Deploying hosted applications - boxes are bad
I have used hosting providers for many years now and before that worked with rooms full of computers to serve various customer applications. This is one of the first things where I saw the huge value in outsourcing and the value that shared infra-structure brought to customers, but I want a lot more than is being provided today.
We have come a long way in managing the infrastructure for hosting applications. However the hosting model is still tied to the model of boxed cpu's. Blades are great and racking and stacking has been a great way to go for creating cheap scalable architectures. We are however a long way from the ideal case. The ideal case is where I agree with the hosting provider the high level architecture and then push software to the specific part of the system architecture and pay for an SLA and usage. Both SLA and usage are complex numbers to work out but the degrees of freedom they introduce should make it easy to develop innovative and fair pricing models.
We are a long way from this as the software tools we use to develop are also locked into the box model. This is not surprising as commercial tools are priced by the box. However open source tools do not have this limitation. Another way to look at this is from a virtual machine - why should the JVM or CLR be tied to a box should it not manage resources for the application and demand more resources as demand increases?
Global computing projects have been leveraging this for years but each application has been custom designed is it not time for this to become a standard part of the network?
Tools and Intermediaries
When I think of intermediaries I typically think of additional tools that I have in my tool box and can use. They are something I can use within my processes but are run and managed by someone else - in other words shared infrastructure.
A simple example of an intermediary would be a data transformation service. This service would accept any message in a specific wrapper (SOAP or REST) and a URL pointing to a definition of the transformation instructions and then return the result. Other services could be shipping calculators, tax calculators etc.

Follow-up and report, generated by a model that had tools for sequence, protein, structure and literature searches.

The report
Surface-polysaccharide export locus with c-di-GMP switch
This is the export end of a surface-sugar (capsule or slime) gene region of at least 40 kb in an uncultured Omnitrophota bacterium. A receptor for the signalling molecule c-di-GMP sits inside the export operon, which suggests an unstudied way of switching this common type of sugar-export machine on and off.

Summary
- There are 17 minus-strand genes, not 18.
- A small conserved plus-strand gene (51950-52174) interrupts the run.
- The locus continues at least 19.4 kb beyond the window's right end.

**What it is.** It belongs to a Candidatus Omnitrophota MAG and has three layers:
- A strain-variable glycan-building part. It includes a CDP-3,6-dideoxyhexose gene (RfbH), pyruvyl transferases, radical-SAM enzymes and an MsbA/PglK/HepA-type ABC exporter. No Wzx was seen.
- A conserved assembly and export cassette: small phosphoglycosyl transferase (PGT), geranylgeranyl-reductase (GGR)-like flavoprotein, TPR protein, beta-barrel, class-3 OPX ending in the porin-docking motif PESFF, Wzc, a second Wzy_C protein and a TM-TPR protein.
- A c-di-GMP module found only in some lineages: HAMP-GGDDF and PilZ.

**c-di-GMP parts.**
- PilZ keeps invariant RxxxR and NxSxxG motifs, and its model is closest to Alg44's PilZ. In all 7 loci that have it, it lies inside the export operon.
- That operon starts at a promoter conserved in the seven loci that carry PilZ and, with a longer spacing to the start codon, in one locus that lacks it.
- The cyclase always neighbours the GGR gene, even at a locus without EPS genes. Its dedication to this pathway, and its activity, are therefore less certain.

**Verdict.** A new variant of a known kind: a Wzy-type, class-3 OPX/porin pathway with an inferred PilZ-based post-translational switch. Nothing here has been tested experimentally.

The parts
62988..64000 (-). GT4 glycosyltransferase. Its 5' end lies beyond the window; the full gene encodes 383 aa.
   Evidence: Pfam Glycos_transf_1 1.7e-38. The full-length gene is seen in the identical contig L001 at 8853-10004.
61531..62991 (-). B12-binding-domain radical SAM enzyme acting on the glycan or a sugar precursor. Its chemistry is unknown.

Whether the service returns the message to the sender or forwards it to another destination seems to determine whether the service is defined as an intermediate service or an end point. However the service should not really care, where the message goes next, it should be a capability of the service (does it support forwarding) and a decision made by the application developer - where do I want it to go.
Discovery of these shared services is a challenge today as I typically need a complete ecology working together before they are truly useful. The begining of an ecology does seem to require a common set of semantics and a way of transforming the semantics. This implies a common schema for the ecology and transformation services to move in and out of the common semantics. For the ecology to exist there must be sufficient agreement between all parties of common semantics. A good example of ommon semantics is in the retail industry where ARTS that has defined a set of XML Schemas under the heading of IXRetail. This provides the common semantics that enable parts of the ecology to communicate.
Once the semantics are defined and available to the community shared services can be created but how individual services interact and work together is still an issue as there is no really good way to build collaboration between service providers in the loosely coupled framework that is needed to foster collaboration and independant development.
To make interacting intermediaries a viable source of tools the ability to boot strap an ecology needs to be available - anyone got ideas?